It’s the time of the year to not to win big prizes. The Nobels are just around the corner, and the MacArthur Foundation Fellows were just announced. The MacArthur “genius” awards are much worse than the Nobels. Whereas the Nobels reward breakthroughs that have already transformed particular academic fields, the genius grants are more prospective in nature, broader in scope, and come with a $500,000 bursary meant to encourage great things still in the making. The practical upshot is that whereas Nobels go to those comfortably on the road to a well-earned retirement, the Genius Grant Fairy may alight on just about anyone. Maybe even you!
No, obviously, of course not you. Or me, either. But the prospect of the ultimate Facebook humblebrag (“So surprised when I got that call! Naturally I thought it was for my brilliant spouse LOL, totally embarrassed!”) or cocktail party moment surely requires a prepared response. The range of reasons one might offer for not winning a genius grant (apart from the obvious reason) is quite wide. The preferred strategy depends on the impression one is trying to convey. Possibilities include:
Disdain: “Another year, another unaccountable oversight by the MacArthur Fellowship committee. It’s getting a little embarrassing, to be honest.” This approach is obviously high risk, but in this game you have to believe in yourself, ideally to a delusional degree.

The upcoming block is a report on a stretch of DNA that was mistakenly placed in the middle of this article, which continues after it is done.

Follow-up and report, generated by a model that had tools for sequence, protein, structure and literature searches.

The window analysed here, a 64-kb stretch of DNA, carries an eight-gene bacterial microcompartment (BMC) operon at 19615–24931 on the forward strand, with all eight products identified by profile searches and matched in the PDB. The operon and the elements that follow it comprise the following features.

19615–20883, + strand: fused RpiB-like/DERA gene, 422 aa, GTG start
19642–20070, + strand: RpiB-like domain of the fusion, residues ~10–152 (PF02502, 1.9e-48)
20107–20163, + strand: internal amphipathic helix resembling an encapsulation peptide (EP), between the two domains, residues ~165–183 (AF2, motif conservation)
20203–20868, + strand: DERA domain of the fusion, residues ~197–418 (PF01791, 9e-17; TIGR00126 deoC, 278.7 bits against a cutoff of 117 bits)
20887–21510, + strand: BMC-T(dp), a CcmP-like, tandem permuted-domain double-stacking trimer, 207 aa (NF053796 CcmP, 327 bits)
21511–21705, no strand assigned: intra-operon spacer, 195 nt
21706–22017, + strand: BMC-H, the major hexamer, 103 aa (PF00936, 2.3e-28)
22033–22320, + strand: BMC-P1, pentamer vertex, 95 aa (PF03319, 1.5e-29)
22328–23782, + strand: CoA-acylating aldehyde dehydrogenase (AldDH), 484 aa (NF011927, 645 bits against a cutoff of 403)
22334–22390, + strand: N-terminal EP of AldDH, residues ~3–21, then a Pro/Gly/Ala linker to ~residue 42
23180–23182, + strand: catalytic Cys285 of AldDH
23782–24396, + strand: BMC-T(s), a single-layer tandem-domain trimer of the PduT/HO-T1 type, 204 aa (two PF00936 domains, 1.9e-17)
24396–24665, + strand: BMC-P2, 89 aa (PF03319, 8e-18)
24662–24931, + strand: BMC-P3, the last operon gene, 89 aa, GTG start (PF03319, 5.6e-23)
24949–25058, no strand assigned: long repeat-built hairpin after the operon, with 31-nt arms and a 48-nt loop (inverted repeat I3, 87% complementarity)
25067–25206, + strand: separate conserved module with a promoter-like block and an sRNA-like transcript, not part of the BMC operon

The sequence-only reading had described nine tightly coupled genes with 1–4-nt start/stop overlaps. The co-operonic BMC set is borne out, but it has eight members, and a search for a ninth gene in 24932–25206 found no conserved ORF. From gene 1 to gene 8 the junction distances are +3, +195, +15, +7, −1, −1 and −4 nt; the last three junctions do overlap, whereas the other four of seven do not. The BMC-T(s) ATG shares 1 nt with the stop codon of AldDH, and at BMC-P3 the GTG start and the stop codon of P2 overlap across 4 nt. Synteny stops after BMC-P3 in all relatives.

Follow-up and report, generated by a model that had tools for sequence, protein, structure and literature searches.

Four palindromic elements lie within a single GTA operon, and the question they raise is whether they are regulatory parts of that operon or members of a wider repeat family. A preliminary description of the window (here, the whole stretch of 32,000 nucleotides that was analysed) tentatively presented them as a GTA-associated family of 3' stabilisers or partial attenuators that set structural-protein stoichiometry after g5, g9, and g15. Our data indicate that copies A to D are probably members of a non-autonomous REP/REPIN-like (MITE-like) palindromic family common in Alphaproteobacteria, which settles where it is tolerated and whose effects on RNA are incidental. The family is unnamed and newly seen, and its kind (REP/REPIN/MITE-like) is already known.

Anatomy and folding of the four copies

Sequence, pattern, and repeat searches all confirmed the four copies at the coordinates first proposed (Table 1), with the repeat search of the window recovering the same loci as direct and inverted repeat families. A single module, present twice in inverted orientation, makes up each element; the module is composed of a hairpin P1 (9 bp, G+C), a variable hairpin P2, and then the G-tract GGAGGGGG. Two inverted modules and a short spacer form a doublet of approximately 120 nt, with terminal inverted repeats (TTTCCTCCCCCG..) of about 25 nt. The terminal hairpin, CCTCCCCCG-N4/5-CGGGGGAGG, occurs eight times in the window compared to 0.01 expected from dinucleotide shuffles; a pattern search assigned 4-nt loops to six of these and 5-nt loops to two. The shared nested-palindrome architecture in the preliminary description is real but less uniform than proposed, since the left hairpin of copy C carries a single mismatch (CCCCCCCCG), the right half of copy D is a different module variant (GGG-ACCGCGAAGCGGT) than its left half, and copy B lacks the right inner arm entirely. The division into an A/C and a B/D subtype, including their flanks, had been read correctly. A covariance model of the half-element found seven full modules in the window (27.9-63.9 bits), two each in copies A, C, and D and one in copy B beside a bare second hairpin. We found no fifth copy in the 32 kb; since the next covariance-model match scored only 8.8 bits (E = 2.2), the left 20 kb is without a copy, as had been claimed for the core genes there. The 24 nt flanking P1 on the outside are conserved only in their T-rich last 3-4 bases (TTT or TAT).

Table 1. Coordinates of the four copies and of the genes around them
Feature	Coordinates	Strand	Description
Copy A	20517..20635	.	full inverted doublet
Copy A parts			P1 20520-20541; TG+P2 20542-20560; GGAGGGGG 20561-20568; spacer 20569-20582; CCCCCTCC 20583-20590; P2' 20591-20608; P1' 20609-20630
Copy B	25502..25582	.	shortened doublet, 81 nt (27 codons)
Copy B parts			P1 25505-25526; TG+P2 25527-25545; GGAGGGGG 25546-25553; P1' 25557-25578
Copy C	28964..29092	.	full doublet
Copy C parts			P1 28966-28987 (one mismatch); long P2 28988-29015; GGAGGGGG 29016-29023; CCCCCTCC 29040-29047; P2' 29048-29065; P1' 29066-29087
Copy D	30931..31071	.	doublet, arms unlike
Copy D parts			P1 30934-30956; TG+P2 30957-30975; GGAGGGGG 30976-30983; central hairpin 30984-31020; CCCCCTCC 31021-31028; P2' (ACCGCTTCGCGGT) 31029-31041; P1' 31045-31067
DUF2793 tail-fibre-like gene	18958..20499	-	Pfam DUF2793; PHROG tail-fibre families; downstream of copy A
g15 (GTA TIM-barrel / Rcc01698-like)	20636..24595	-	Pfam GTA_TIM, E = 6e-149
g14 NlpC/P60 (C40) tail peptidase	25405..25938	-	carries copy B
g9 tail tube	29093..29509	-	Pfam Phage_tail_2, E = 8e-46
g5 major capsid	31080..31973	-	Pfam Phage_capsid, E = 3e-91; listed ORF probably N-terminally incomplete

Insinuation: “Well, it’s hard to get a MacArthur when so much of my work has been classified by the Executive Order, anonymous by personal choice, or published under the pseudonym ‘Samuel Beckett.’ ” Taking this line has the advantage of not requiring you to be able to point to any unrecognized achievement in particular.
Cooptation: “Look, you have to understand that when the foundation comes to me for advice, I can’t in good conscience recommend myself—I’m not Dick Cheney, you know.” Here we rely on the fact that no one has the faintest idea who picks MacArthur genius awards or knows anything about the foundation besides its commitment to a more just, verdant, and peaceful world.
The High Road: “I just don’t see what all the fuss is about. I suppose this sort of thing is appealing to certain shallow-minded people, but all I really care about is my work and the people I love, and I never give a second thought to prizes, really.” This is a lovely, noble sentiment whose only disadvantage is that no one will believe you.
The Even Higher Road: “One can’t expect a true genius to be recognized in his or her own time. The very idea is a contradiction in terms! The best I can hope for is that posterity will grant me the recognition necessarily denied me now.” The main thing to be said in favor of this approach is that it’s probably right about real genius. The main thing to be said against it is that, to be quite frank, the favorable judgment of posterity is probably the only roll of the dice you have left at this point.